Certainly, no other media industry is safe from such criticism, even if there's something more direct about video games, where the consumer has a far greater say in what happens. Regardless, the industry is changing. Since the introduction of Nintendo's Wii console in 2006, movement-based controllers have focused the gaming industry's attention on untapped demographics: seniors and families with small children, who otherwise have neither the patience nor palate to spend hours deciphering an Xbox controller for the purpose of shooting holes through an invading alien horde. Since that time, companies such as Microsoft have staked billions on a vision of universally accessible gaming, all the while trying to remain relevant to the hardcore, button-grinding base.
You can see the tension all around at E3 - the cheery cooking simulator occupying booth space right next to the slash-and-stab mediaeval gore carnival. Massive ads for the latest entry in the Halo or Call of Duty franchises (which likely took as much time and money to make as your average Hollywood summer blockbuster) down the hall from the shoestring-budget indie game. And that tension is producing the kinds of innovative business models every struggling media industry should be studying closely.
One way or another, gaming is going to grow up. And how it goes about doing that is going to have one hell of a ripple effect.
Los Angeles Convention Centre 11 a.m.
Jay Minn won't let me leave until he shows me the fart button. It's his favourite feature in the whole game. Look, look: every super-hero farts differently. Iron Man farts dollar signs (his alter-ego is a billionaire, after all). The invisible woman blushes and, you guessed it, turns invisible. Mr. Minn is positively giddy.
Gazillion Entertainment's booth space is up on the second floor of the west hall, away from the uninhibited booth-babery and bass-heavy sound effects saturating the main show floor below. Instead, their neighbours on the second floor are other small and medium shops, as well as a room reserved by the Entertainment Software Association for a workshop titled "Understanding and combatting game software piracy" (when a reporter tries to attend, he is told the workshop is for law enforcement only).
Mr. Minn is one of Gazillion's 200 or so employees, and the developer primarily responsible for a game called Marvel Superhero Squad Online. Unless you're an industry watcher, you've probably never heard of the game, the developer or the company. And yet it's up here in this out-of-the-way booth (Gazillion hands out beer mugs and pizza in an attempt to lure passers-by) where you'll find the kinds of innovations that are changing the video game business, and will probably change a whole lot of other businesses, too.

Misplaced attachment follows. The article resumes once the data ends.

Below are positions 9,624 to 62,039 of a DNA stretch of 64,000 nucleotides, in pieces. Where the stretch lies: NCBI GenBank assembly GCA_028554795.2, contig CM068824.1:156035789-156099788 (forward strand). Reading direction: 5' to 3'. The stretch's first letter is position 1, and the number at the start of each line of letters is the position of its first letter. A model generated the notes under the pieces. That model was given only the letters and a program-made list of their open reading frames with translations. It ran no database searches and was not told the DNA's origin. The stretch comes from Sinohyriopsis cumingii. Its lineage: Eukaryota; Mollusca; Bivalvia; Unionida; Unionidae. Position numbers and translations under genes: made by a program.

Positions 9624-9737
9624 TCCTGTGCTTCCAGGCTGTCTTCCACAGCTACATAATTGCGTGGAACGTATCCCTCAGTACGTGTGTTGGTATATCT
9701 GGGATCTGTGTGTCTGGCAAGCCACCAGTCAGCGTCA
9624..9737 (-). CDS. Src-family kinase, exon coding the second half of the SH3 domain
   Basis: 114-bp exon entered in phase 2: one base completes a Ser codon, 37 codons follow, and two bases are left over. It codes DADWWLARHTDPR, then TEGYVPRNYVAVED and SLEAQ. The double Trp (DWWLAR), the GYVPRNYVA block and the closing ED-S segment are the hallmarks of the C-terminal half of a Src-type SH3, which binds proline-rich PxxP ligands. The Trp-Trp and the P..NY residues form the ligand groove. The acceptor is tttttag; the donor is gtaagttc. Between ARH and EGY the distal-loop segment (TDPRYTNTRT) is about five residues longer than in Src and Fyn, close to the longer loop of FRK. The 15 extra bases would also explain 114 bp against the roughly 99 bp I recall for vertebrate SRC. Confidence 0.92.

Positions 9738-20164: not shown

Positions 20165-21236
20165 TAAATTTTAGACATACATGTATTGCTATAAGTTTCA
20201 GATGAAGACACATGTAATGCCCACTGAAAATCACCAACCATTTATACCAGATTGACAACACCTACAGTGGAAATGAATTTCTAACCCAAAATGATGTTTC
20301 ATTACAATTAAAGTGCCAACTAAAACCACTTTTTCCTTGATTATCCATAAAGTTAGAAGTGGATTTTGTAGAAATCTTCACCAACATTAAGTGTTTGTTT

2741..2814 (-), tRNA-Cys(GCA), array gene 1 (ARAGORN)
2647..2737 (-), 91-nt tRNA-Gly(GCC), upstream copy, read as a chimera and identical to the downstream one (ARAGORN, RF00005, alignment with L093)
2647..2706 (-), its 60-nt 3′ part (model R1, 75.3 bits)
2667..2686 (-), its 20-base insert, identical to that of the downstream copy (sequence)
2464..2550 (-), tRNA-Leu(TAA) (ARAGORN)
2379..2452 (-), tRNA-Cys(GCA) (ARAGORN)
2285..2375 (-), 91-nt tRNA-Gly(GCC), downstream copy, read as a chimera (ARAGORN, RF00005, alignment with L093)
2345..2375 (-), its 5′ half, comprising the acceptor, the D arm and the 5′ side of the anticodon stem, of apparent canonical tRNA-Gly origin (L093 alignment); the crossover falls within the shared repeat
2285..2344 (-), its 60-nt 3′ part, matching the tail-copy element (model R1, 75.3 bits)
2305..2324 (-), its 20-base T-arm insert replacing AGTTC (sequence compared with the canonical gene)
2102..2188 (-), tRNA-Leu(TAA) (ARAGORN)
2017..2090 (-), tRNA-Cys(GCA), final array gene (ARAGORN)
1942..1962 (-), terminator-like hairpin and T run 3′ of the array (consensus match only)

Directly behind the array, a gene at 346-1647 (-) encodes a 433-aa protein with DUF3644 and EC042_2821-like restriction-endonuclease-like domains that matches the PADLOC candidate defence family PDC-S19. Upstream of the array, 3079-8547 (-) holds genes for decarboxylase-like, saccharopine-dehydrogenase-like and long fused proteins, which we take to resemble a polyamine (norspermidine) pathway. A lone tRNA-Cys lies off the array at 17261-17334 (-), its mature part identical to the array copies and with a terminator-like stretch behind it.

You can play MSHSO right now. It's a Web-based game, playable on a browser and basically free. The game is essentially a very stripped-down version of the kind of mini-mission multiplayer games familiar to fans of Diablo or World of Warcraft: you pick a character, complete missions and, in the process, collect loot and increase your character's various abilities. Only instead of orcs and barbarians, MSHSO's characters are cartoon representations of licensed Marvel superheroes. The decision to go with Marvel characters was in large part a business one - Gazillion wanted to hit a sweet spot by building a game that fathers and their kids would enjoy (the ability to make your character fart is apparently a prime example of hitting this sweet spot). The missions are designed to take between 15 and 30 minutes - a small enough time commitment to play right before dinner or bedtime.
Throughout the free-to-play game, Gazillion has found new ways to make money. Alongside the available characters is a special one you can only get by entering a code found on pizza takeout boxes from a restaurant the game developer has signed a promotion deal with. When the movie Thor came out earlier this year, the title character popped up in the game as part of yet another promotional deal.
Even though the game is free to play, you can still purchase in-game currency to spend on various character abilities and perks - especially handy if you don't feel like spending the time needed to collect those abilities and perks the hard way. You can even buy subscriptions for $10 a month or $80 a year, which gives your character the ability to earn the in-game currency you'd otherwise have to pay for separately. In another Gazillion game, you can pay a few in-game coins every time you die so that your character doesn't re-spawn back at the beginning of the level. You don't need money to do anything in these games, just to make life easier.